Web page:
Salvors recovering the wreckage of the cruise ship Costa Concordia have announced a new plan – rather than re-float and then tow the 952-foot long ship to a scrap yard, they’ll put the entire vessel on the Dockwise Vanguard, the world’s largest semi-submersible ship, and sail it to its final destination.
Apparently the Costa Concordia is too damaged to make the trip on its own – even with the extra floatation tanks.
The Costa Concordia will still have to raise itself above the bottom – but just enough for the Dockwise Vanguard to get underneath it. That will be something to see.
Cost? $30 million to “secure the availability” of the Dockwise Vanguard, which leaves the door open to other charges.
No word where they may take the Costa Concordia for breaking, or when the Dockwise Vanguard will be called to pick up the wreck.
Here’s the release from TheParbucklingProject.
Costa Crociere and Dockwise, a wholly-owned subsidiary of Royal Boskalis Westminster N.V. (Boskalis) have signed the contract that secures the availability of the Dockwise Vanguard – the world’s largest semi-submersible ship – as part of the options considered for the removal of the Concordia wreck from Isola del Giglio.
Costa Crociere announces that it has reached an agreement with Dutch company Dockwise, a wholly-owned subsidiary of Royal Boskalis Westminster N.V., to secure the availability of the Dockwise Vanguard as one of the possible options for the removal of the Concordia from Giglio island, once the wreck will be refloated in 2014.
The Dockwise Vanguard is the world’s largest semi-submersible ship uniquely positioned to lift and transport extremely heavy cargoes in a dry and safe manner. The ship was initially designed to transport offshore oil and gas structures, but can also carry other vessels and act as an offshore dry dock facility. It has an open and flat stern and bow-less deck measuring 275 meters by 70 meters allowing the vessel to transport cargo longer and wider than the deck dimensions. When the ballast tanks are flooded, the Dockwise Vanguard’s deck submerges below the surface, allowing her to handle deep draught cargoes. Once the Dockwise Vanguard is semi-submersed, the floating Concordia could therefore be brought in position above the deck and as the ballast tanks are emptied, the entire ship – including the Concordia – is brought above the water line allowing her to transport the cargo in a safe and swift manner.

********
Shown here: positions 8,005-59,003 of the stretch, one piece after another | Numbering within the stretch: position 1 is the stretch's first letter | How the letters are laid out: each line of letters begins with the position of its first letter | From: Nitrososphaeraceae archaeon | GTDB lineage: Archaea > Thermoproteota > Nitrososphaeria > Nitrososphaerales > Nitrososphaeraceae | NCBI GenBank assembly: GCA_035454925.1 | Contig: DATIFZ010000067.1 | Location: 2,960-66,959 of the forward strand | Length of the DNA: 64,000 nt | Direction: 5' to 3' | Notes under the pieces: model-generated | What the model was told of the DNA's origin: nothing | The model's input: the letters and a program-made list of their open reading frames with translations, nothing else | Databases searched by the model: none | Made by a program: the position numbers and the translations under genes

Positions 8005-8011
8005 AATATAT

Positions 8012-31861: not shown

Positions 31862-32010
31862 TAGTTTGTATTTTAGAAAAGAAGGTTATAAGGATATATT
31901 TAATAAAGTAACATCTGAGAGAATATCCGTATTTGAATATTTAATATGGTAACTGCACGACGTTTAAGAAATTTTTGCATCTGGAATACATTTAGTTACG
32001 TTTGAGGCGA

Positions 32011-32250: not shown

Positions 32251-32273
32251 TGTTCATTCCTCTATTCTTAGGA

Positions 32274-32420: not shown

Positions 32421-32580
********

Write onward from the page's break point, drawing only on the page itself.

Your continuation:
The port of destination of the Concordia wreck has not been decided yet, but the Dockwise Vanguard can represent an alternative to traditional towing. It can also offer advantages in terms of discharge methods. As a matter of fact, once the final port of destination is reached, the Dockwise Vanguard offers two possible discharge methods for the Concordia: float off, which means that the wreck would be put back into the sea water in floating conditions, or skid off, that is transferring the Concordia from the Vanguard directly onto the pier or an adjacent quayside.
“As we’ve always stated since the beginning of project, Costa’s goal is to remove the Concordia wreck from Giglio in a safe and swift way and to do this we have always taken into consideration all the possible alternatives and state of the art technologies”, states Franco Porcellacchia, Concordia Wreck Removal Project coordinator for Costa/Carnival.
The value of the agreement reached between Costa and Dockwise amounts to approximately USD 30 million.
The Concordia wreck removal project
On April 21, 2012 Costa Crociere and Commissioner delegated from the Italian Government for the Concordia Emergency announced that the bids o for the contract to remove the ship in one piece has been awarded to the international marine salvage consortium Titan-Micoperi Srl, a joint venture between Titan Salvage, a U.S. company owned by Crowley Maritime Group and a world leader in the recovery of wrecks, and Micoperi, an Italian company specializing in engineering and installation of offshore structures and undersea pipelines. Works have begun in May 2012.
The Concordia wreck removal is a unique and extremely complex technical-engineering operation, considered the biggest salvage ever attempted on a ship of its size – with the deployment of the finest international expertise, state-of-the-art technology and unprecedented financial resources.
The priorities of the project are respect for the environment, workplace safety and protection of the Giglio island socio-economic life.
Activity at the site continues nonstop: about 500 salvage operators are working round the clock in shifts, 24/7.
The Concordia was successfully rotated in vertical position on Sept 17th with the completion of the parbuckling operations. Currently technicians are carrying out surveys on the recently emerged starboard side of the wreck to assess damage before eventually proceeding with the needed structural repairs. It will be then possible to position the last 4 sponsons on the left side and the additional 15 on the starboard side to reach the total of 30 that will be needed for the refloating phase.